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New Exoskeleton Does the Heavy Lifting for Factory Workers

The EksoVest could protect assembly line workers from injury and strain.

by Denise Chow /
Image: EksoVestFord Motor Company

Assembly line workers often have to perform the same repetitive tasks all day long, making them susceptible to injury. But a new exoskeleton could offer some protection against fatigue and injuries.

Dubbed EksoVest, the upper-body exoskeleton is designed to help workers lift heavy objects and perform over-the-head tasks. Looking like a high-tech back brace with arms, it elevates and supports a worker’s arms and can provide lift assistance for up to 15 pounds on each side.

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The exoskeleton was designed by Richmond, California-based Ekso Bionics, in partnership with Ford Motor Company. It’s being tested now at the automaker’s Michigan Assembly Plant and Flat Rock Assembly Plant.

“Collaboratively working with Ford enabled us to test and refine early prototypes of the EksoVest based on insights directly from their production line workers,” Russ Angold, Ekso's cofounder and chief technology officer, said in a written statement.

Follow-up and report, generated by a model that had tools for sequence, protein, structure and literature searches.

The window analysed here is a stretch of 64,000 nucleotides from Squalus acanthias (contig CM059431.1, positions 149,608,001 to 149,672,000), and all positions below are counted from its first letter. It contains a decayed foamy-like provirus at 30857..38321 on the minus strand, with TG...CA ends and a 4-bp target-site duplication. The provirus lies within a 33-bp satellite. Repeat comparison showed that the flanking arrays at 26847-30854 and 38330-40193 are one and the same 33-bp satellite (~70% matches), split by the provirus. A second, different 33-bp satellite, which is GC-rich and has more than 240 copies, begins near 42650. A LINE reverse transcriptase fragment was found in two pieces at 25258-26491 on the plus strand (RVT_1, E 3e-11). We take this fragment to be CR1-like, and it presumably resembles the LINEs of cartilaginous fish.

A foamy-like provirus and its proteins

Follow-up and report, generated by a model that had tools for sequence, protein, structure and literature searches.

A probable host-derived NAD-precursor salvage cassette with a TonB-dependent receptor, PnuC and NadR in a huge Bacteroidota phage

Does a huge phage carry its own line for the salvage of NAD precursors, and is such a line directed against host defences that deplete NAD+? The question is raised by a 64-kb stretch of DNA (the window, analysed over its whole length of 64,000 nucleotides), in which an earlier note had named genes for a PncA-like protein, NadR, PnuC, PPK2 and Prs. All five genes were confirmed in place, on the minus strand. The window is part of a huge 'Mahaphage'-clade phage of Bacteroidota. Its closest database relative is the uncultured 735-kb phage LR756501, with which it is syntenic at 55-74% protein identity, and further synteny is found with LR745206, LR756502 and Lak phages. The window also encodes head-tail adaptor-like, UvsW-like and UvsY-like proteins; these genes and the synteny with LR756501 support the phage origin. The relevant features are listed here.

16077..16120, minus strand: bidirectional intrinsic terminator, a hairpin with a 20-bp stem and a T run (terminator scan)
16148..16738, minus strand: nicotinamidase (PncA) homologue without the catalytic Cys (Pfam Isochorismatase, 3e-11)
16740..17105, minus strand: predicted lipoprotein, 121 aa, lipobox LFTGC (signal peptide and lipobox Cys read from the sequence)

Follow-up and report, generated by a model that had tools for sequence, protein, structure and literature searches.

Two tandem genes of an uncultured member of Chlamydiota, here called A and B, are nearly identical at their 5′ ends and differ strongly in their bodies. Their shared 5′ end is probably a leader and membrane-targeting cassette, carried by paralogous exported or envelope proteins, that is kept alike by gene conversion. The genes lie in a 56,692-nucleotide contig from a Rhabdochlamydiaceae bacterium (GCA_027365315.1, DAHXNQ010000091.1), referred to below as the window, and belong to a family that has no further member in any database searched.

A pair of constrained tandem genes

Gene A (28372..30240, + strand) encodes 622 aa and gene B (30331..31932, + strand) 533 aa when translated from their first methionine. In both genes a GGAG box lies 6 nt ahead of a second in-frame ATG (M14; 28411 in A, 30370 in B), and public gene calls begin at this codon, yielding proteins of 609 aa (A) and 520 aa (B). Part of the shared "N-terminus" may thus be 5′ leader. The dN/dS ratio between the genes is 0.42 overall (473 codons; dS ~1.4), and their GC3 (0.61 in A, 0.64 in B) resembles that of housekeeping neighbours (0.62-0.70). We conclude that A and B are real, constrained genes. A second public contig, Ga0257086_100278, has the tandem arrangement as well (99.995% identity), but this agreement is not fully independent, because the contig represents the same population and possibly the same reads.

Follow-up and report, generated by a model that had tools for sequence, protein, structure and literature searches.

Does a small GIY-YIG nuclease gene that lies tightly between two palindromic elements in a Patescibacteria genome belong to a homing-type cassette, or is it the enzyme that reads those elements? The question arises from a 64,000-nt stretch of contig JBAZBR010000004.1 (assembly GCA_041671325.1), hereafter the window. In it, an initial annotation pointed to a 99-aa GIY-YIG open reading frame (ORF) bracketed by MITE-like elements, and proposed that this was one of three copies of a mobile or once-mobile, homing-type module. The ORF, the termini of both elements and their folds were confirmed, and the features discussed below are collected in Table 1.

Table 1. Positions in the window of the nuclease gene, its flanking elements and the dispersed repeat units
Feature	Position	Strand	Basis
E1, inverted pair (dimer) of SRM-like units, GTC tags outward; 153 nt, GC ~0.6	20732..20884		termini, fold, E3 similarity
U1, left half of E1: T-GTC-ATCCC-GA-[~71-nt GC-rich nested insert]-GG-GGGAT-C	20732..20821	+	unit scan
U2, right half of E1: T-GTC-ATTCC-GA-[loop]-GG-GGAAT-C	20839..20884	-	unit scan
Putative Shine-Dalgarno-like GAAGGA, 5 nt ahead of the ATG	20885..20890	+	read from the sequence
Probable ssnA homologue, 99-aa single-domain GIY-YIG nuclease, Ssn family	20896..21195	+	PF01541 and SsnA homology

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 Assembly line workers at Ford lift their arms approximately 4,600 times every day. Ford Motor Company

Assembly line workers at Ford lift their arms an average of 4,600 times per day, according to the company — and workers certainly feel the effects.

“My job entails working over my head, so when I get home my back, neck and shoulders usually hurt,” Paul Collins, a worker at Ford’s Michigan Assembly Plant, said in the statement. “Since I started using the vest, I’m not as sore, and I have more energy to play with my grandsons when I get home.”

The EksoVest can be adjusted to fit workers ranging in height from 5 feet to 6'4". Ekso Bionics says the exoskeleton can be used at construction sites or in distribution centers as well as in factories.

And Ekso is not alone in trying to refine this technology. SuitX, a Berkeley, California-based startup, designed a workplace exoskeleton that redirects loads and provides lift assistance for construction workers and timber cutters. Other companies are developing robotic exosuits for people with mobility issues, senior citizens and the military.

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